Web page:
Eagles

Eagles stocked with players who have something to prove

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Eagles stocked with players who have something to prove

They're playing like they're mad at the world. Like they're trying to shut people up. Like they have something to prove. And there's a pretty good reason for that.

The Eagles' roster is largely made up of guys who were late-round draft picks. Guys who went undrafted, who were unwanted by their previous team, who were benched somewhere or toiled on the practice squad.

Castoffs, misfits, journeymen.

Put it all together and you have a roster stocked with guys who were told they'd never make it. Who have a chip on their shoulder. Who are driven by a team or coach or GM or even a fan base who doubted them and questioned them and gave up on them.

That's who this team is.

Let's look at the 53-man roster.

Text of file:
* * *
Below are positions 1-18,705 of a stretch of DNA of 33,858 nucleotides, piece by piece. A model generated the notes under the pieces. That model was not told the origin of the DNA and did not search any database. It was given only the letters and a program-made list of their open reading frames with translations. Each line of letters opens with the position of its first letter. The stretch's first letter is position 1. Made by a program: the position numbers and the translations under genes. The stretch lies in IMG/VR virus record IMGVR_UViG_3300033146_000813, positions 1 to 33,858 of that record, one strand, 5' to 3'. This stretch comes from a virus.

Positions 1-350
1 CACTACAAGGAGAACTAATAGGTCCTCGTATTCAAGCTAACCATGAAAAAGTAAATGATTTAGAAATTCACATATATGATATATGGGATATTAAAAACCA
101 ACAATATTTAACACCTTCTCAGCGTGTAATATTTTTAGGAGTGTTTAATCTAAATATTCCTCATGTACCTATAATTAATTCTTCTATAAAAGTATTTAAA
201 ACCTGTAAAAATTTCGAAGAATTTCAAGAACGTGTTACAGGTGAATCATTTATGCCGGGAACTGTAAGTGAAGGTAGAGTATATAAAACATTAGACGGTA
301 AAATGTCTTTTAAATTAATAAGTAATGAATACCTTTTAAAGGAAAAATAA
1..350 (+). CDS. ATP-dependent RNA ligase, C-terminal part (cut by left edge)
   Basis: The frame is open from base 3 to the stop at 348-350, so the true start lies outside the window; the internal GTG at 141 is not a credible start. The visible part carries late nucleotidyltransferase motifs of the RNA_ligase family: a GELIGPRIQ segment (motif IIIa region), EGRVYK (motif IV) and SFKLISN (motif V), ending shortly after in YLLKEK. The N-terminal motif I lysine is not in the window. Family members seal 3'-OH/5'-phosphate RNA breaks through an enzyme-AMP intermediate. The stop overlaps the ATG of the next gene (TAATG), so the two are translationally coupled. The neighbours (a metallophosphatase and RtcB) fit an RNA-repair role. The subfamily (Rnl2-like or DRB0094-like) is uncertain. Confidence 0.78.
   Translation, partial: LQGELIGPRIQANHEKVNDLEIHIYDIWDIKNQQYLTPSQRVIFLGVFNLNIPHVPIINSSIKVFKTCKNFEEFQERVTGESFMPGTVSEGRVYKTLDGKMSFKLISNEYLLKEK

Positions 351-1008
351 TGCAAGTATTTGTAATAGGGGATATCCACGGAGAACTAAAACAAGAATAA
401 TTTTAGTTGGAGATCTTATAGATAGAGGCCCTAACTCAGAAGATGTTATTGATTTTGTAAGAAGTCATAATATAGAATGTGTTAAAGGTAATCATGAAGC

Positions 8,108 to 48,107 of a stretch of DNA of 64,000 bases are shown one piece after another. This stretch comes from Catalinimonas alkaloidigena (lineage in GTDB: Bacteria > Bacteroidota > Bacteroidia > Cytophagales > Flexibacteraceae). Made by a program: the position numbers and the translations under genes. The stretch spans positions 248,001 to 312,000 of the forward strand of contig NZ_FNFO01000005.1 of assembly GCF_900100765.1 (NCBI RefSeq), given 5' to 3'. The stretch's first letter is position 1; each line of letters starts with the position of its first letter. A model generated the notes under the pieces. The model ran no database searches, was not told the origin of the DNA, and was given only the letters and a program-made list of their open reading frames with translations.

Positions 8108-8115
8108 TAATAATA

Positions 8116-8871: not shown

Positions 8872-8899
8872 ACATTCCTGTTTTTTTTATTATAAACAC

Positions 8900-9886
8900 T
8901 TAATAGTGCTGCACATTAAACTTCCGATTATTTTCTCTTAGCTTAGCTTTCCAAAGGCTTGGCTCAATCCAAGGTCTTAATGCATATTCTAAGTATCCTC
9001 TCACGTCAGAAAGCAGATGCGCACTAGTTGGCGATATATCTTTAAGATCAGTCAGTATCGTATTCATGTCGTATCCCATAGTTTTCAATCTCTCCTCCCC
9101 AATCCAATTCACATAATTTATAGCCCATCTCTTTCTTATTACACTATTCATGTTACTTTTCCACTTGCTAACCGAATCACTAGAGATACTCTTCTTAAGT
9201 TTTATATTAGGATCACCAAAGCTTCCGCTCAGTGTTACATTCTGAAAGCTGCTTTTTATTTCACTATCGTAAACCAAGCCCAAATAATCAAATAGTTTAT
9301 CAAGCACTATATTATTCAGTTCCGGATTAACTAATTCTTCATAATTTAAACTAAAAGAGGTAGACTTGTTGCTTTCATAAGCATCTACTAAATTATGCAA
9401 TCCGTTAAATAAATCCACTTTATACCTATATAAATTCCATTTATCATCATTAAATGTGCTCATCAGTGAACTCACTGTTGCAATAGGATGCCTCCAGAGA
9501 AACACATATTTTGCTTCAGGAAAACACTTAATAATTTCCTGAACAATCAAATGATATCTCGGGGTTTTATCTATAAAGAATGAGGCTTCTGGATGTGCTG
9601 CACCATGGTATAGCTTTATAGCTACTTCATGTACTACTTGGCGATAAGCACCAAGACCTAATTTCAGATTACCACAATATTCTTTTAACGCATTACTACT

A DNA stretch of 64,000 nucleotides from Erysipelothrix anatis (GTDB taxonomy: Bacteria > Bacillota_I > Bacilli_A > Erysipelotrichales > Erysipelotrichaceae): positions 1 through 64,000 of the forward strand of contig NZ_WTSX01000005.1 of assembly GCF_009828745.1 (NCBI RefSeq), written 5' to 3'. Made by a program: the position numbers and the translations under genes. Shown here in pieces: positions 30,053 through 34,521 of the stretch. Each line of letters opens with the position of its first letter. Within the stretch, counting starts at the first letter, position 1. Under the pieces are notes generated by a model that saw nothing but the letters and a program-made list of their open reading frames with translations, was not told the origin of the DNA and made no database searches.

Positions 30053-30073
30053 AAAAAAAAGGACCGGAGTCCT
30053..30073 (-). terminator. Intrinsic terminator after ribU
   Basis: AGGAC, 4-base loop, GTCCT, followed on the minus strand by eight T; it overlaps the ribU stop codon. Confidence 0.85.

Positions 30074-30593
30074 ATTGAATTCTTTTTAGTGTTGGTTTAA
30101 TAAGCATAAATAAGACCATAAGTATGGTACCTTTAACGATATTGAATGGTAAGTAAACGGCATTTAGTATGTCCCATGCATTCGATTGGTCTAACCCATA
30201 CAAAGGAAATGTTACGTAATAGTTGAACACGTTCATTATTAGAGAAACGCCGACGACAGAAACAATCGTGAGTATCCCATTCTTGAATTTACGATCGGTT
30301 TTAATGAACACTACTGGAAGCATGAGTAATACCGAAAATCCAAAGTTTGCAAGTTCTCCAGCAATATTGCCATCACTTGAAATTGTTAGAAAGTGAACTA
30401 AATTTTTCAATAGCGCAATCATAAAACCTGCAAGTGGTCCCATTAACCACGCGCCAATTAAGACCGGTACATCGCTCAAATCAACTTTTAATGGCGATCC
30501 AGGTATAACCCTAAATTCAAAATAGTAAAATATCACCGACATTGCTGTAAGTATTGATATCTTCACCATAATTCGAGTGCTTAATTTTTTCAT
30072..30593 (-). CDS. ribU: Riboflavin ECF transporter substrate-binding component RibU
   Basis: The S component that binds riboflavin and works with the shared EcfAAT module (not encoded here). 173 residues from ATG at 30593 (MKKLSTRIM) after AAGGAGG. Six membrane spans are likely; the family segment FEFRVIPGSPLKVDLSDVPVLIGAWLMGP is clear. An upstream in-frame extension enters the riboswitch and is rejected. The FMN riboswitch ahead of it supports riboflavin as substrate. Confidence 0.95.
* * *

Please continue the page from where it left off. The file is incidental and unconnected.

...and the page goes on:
There are 20 guys drafted in the fifth round or later. There are seven undrafted free agents (and that doesn't include guys like Jason Peters and Chris Maragos, who are on IR). There are a dozen who've been released at some point in their career. A bunch more have been traded and several have been benched.

A good chunk of this roster is made up of players who've been doubted or questioned or left by the wayside, and that can go one of two ways. You can wind up with a group of football players who just aren't good enough to play in this league. Or you can wind up with a locker room full of men who are hungry, motivated, selfless and determined.